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Better trained graduates with the PPA certificate from UEL

by on 13 Sep, 2011

Graduates better trained in the ways of magazine journalism are coming onto the market soon.  Selected students from the University of East London will take the Professional Publishers Association  Professional Certificate in Journalism.  Those who pass will be able to put the certificate on the desk as well as their degree in journalism for potential employers.

There is, rightly, always a concern about the quality of a journalism degree.  The graduates may know their connotes from their denotes and their modernism from their postmodernism. But do they know their its from their it’s and their good from bad magazine writing?

Covering the field

The selected undergraduates will cover the field of magazine journalism in the certificate’s modules:

1. Understanding your audience;
2. Media law and ethics;
3. Gathering information ;
4. Writing and producing content for print and online;
5. Sub-editing and proof reading; and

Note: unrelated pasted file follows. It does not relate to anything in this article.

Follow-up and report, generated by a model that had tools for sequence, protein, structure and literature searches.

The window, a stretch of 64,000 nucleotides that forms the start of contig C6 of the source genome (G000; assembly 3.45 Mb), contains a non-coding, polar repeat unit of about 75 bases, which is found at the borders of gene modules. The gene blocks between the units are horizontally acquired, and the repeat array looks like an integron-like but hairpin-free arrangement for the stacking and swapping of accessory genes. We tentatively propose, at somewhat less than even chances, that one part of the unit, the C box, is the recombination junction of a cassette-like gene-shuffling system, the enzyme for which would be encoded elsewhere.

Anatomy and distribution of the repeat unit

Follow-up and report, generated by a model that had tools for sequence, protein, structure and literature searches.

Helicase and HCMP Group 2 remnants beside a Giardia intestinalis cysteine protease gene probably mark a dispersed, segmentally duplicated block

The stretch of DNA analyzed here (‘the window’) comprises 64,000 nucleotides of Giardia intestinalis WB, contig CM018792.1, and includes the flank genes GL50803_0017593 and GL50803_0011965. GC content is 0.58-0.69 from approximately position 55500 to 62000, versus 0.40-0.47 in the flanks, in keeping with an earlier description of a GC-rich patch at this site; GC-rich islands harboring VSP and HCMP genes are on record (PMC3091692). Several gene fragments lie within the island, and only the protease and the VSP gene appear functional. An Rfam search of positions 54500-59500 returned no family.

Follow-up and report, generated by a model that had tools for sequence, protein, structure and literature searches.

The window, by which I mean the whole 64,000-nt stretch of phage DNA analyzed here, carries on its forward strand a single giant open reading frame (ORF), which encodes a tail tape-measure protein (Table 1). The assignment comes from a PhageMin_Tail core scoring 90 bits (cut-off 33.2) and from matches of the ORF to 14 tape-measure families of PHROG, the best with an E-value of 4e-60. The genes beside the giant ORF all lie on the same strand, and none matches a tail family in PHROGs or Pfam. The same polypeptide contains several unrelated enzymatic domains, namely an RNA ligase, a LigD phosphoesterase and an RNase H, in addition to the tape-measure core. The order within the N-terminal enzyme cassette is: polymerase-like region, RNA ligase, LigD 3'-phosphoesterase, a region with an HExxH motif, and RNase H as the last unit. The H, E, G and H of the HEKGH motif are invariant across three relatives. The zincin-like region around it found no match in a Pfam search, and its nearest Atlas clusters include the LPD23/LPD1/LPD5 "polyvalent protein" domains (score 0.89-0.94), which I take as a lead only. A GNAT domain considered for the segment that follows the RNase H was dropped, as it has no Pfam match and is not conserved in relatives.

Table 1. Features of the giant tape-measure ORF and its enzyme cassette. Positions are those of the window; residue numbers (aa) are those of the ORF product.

6. Design awareness.

The certificate will go some way to improving the “employability” of its graduates.  This is a key objective of all universities today.

On the other hand universities should not be turned into the factory for employment.  They are a place of learning and research, not just for training.  UEL was a polytechnic before gaining university status in 1992.  It is under severe pressure with the increase in student fees and the axing of higher education budgets.  But UEL has set its fees at £9,000 – the most they can be under government rules.  This is a sign of its confidence in its offerings.

I am currently also working at UEL and am glad we have this to offer.   We teachers of journalism at UEL  intend to blend this certificate with the other side of the university experience: making students think about their roles and the subjects they cover more than with an eye to employment.

Blending training and PPE

As a colleague at UEL says: we are blending training for employment with the mix of politics, philosophy and economics on which the longer established universities focus.

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